Trinidad and Tobago: How a film about Carnival captures the struggles and triumphs of LGBT Trinidadians

With bittersweetness, I watched Play the Devil lay out familiar panels of my birth island’s social, cultural and physical landscape.

Director Maria Govan’s nuanced 90-minute narrative provides a glimpse of Trinidad’s class inequalities and easy interethnic relationships that have created a society of various combinations and colours that remain close to my heart.

The film is also an homage to the ubiquitous grandmothers and aunties who stand in for parents who, for any number of reasons, are absent or long gone from the lives of their children. I also recognized the still-pervasive, church-bound religiosity that is stifling yet clung to for courage, comfort and hope, co-existing with the beauty of the country’s mountain and seascapes that have a visceral, spiritual power of their own to soothe, cleanse and renew.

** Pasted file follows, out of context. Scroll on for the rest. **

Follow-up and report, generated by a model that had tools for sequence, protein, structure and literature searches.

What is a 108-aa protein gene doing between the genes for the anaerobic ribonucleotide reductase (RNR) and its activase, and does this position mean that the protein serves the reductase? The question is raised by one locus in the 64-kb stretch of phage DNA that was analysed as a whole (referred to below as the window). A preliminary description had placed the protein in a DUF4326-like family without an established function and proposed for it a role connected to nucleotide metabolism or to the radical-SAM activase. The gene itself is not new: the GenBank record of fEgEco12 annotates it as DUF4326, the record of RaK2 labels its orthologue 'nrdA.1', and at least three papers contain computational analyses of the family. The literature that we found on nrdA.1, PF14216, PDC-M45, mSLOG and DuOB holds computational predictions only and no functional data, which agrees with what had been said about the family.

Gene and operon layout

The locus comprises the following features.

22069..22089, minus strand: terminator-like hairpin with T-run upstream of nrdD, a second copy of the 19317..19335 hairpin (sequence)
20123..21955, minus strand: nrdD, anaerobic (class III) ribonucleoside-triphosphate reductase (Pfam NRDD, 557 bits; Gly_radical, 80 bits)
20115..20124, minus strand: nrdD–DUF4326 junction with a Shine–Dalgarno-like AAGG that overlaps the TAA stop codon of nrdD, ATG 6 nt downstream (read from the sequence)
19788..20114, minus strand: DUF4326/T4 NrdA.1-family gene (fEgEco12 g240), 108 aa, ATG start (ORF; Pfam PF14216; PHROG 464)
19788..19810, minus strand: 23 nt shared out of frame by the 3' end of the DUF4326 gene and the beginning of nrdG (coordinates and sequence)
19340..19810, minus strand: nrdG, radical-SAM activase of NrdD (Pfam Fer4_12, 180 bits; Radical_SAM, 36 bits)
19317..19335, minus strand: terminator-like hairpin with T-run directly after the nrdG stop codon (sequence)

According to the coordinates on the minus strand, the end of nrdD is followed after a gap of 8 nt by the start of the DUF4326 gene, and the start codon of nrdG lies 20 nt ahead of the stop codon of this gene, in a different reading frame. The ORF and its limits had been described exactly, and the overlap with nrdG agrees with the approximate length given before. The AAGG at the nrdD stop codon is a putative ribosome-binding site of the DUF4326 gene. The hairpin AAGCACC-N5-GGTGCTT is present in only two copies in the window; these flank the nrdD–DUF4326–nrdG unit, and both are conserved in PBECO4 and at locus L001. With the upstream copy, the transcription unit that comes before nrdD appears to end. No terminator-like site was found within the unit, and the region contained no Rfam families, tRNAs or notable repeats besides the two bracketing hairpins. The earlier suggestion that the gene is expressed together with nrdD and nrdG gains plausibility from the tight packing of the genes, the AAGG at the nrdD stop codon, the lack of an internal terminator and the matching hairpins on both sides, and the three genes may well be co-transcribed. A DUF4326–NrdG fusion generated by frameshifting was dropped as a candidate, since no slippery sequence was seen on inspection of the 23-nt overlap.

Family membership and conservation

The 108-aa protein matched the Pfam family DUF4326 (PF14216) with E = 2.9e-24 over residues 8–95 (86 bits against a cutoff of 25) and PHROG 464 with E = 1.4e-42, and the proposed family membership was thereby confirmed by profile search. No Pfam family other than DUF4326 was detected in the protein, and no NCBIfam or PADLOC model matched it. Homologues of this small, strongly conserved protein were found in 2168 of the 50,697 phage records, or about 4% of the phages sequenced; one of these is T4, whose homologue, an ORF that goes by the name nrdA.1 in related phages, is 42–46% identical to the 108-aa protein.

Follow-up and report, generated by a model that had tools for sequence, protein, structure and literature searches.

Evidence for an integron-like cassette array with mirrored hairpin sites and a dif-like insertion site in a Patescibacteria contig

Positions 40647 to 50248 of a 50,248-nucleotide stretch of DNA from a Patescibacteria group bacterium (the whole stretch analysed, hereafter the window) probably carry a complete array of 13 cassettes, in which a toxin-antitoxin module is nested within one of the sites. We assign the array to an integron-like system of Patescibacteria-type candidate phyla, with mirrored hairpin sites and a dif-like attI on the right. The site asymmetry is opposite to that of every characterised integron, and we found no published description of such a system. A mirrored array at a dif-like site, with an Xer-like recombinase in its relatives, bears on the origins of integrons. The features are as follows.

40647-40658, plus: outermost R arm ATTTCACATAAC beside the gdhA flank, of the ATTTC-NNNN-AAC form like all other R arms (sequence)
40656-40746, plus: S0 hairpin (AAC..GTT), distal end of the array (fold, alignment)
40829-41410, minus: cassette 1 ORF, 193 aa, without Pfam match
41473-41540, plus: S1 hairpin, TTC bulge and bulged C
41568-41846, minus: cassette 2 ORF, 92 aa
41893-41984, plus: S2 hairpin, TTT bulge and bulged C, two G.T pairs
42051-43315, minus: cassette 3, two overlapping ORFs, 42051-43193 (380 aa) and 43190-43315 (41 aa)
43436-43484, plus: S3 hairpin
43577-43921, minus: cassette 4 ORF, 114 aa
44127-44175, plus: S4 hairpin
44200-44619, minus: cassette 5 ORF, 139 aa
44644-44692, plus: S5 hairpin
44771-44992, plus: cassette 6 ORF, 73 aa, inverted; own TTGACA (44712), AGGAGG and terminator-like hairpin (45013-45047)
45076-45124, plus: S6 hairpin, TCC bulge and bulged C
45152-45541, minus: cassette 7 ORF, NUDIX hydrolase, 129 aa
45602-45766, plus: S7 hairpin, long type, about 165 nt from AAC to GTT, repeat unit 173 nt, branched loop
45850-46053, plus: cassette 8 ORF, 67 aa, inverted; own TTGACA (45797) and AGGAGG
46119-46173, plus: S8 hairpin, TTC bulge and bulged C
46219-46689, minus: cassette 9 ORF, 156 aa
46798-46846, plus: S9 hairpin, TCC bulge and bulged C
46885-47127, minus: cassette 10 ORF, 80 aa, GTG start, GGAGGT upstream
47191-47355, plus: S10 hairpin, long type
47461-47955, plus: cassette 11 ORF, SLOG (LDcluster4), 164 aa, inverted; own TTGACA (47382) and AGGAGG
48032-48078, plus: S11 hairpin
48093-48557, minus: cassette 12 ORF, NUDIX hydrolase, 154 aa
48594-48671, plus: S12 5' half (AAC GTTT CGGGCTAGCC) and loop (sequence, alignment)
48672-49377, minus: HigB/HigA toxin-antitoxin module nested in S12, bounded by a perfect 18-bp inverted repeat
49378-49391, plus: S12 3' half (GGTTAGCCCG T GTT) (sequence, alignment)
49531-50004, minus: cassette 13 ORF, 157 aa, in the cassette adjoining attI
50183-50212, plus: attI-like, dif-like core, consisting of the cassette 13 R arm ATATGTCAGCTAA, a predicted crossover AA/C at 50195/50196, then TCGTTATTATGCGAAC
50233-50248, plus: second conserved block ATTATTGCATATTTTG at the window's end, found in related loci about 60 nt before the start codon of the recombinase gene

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by Maria Govan produced by Play The Devil Pictures Limited with Petrice Jones, Gareth Jenkins, Akil Nicholas, Penelope Spencer, Nickolai Salcedo

A young man torn between reality and opportunity Gregory, a gifted working-class teenager from Paramin, stars in a theater play that brings him to the attention of James, an affluent businessman.